Tag Archives: horse communicator

Science: When Horses Are in Trouble They Ask Humans for Help, Finds New Study

Research Fellow Monamie Ringhofer and Associate Professor Shinya Yamamoto (Kobe University Graduate School of Intercultural Studies) have proved that when horses face unsolvable problems they use visual and tactile signals to get human attention and ask for help.

The study also suggests that horses alter their communicative behavior based on humans’ knowledge of the situation. These findings were published in the online version of Animal Cognition on November 24.

Communicating with other individuals in order to get information about foraging sites and predators is a valuable survival skill. Chimpanzees, who are evolutionarily close to humans, are especially skilled at understanding others. Studies suggest that chimpanzees distinguish the attentional states of other individuals (seeing or not seeing), and they are also able to understand others’ knowledge states (knowing or not knowing).

Some domestic animals are also very good at communicating with humans—recent studies of dogs have revealed that they are excellent at understanding various human gestures and expressions. It is thought that these abilities were influenced by the domestication process. 

Since they were domesticated 6000 years ago, horses have contributed to human society in various shapes and forms, from transport to companionship. Horse-riding has recently drawn attention for its positive effects on our physical and mental health. The high social cognitive skills of horses towards humans might partially explain why humans and horses have a collaborative relationship today. However, the scientific evidence for this ability is still scarce.

In this study, scientists investigated horses’ social cognitive skills with humans in a problem-solving situation where food was hidden in a place accessible only to humans. The experiment was carried out in a paddock belonging to the equestrian club at Kobe University, where eight horses from the club participated with the cooperation of their student caretakers.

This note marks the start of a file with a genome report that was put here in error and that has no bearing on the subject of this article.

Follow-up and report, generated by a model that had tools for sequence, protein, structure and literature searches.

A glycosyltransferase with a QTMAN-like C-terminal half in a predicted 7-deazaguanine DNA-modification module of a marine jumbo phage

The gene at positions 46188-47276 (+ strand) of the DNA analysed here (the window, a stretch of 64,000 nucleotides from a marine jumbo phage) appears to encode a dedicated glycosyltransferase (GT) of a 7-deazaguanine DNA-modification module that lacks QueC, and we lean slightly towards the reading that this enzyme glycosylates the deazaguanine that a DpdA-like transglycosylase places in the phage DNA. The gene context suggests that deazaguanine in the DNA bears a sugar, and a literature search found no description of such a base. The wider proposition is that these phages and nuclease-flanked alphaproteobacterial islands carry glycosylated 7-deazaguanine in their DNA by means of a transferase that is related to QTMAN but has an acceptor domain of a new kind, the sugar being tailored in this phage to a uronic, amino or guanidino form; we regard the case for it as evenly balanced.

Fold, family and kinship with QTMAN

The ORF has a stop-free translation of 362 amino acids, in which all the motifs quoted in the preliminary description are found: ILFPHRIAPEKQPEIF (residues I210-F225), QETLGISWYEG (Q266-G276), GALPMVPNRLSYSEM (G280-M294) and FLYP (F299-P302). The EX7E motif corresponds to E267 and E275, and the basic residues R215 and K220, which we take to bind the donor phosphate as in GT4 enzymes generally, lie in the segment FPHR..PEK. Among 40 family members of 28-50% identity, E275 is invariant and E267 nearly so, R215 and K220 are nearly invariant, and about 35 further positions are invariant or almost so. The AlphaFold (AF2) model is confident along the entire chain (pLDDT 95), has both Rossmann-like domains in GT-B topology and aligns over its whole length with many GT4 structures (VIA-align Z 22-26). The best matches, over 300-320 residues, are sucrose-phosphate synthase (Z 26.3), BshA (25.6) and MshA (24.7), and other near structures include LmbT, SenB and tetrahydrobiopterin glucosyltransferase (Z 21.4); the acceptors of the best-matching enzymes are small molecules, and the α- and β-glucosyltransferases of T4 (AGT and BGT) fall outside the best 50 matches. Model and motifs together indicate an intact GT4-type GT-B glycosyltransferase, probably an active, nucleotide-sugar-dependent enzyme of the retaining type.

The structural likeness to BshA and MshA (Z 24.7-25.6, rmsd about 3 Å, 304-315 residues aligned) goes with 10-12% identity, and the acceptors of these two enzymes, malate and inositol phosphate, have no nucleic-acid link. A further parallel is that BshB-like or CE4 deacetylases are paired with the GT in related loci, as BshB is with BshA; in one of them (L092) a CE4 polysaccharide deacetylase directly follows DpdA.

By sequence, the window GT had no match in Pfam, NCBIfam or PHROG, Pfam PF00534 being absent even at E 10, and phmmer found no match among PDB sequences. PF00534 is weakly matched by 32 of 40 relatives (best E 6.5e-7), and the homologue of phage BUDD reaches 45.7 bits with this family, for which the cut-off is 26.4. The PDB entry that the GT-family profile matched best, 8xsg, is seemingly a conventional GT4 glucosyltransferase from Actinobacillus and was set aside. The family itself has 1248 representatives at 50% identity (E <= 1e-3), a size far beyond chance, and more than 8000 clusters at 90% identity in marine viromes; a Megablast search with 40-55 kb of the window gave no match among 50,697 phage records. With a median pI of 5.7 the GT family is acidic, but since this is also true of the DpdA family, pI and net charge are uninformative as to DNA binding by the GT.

For the first experiment, an assistant experimenter hid food (carrots) in a bucket that the horse could not reach. The researchers observed whether and how the horse sent signals to the caretaker when the caretaker (unaware of the situation) arrived. The horse stayed near the caretaker and looked at, touched, and pushed the caretaker. These behaviors occurred over a significantly longer period compared to cases when they carried out the experiment without hiding the food.

The results showed that when horses cannot solve problems by themselves they send signals to humans both visually (looking) and physically (touching and pushing).

Building on these results, for the second experiment they tested whether the horses’ behavior changed based on the caretakers’ knowledge of the hidden food. If the caretaker hadn’t watched the food being hidden, the horses gave more signals, demonstrating that horses can change their behavior in response to the knowledge levels of humans.

These two experiments revealed some behaviors used by horses to communicate demands to humans. They also suggest that horses possess high cognitive skills that enable them to flexibly alter their behavior towards humans according to humans’ knowledge state. This high social cognitive ability may have been acquired during the domestication process.

In order to identify the characteristic that enables horses to form close bonds with humans, in future research the team aims to compare communication between horses, as well as looking more closely at the social cognitive ability of horses in their communication with humans.

By deepening our understanding of the cognitive abilities held by species who have close relationships with humans, and making comparisons with the cognitive abilities of species such as primates who are evolutionarily close to humans, we can investigate the development of unique communication traits in domesticated animals.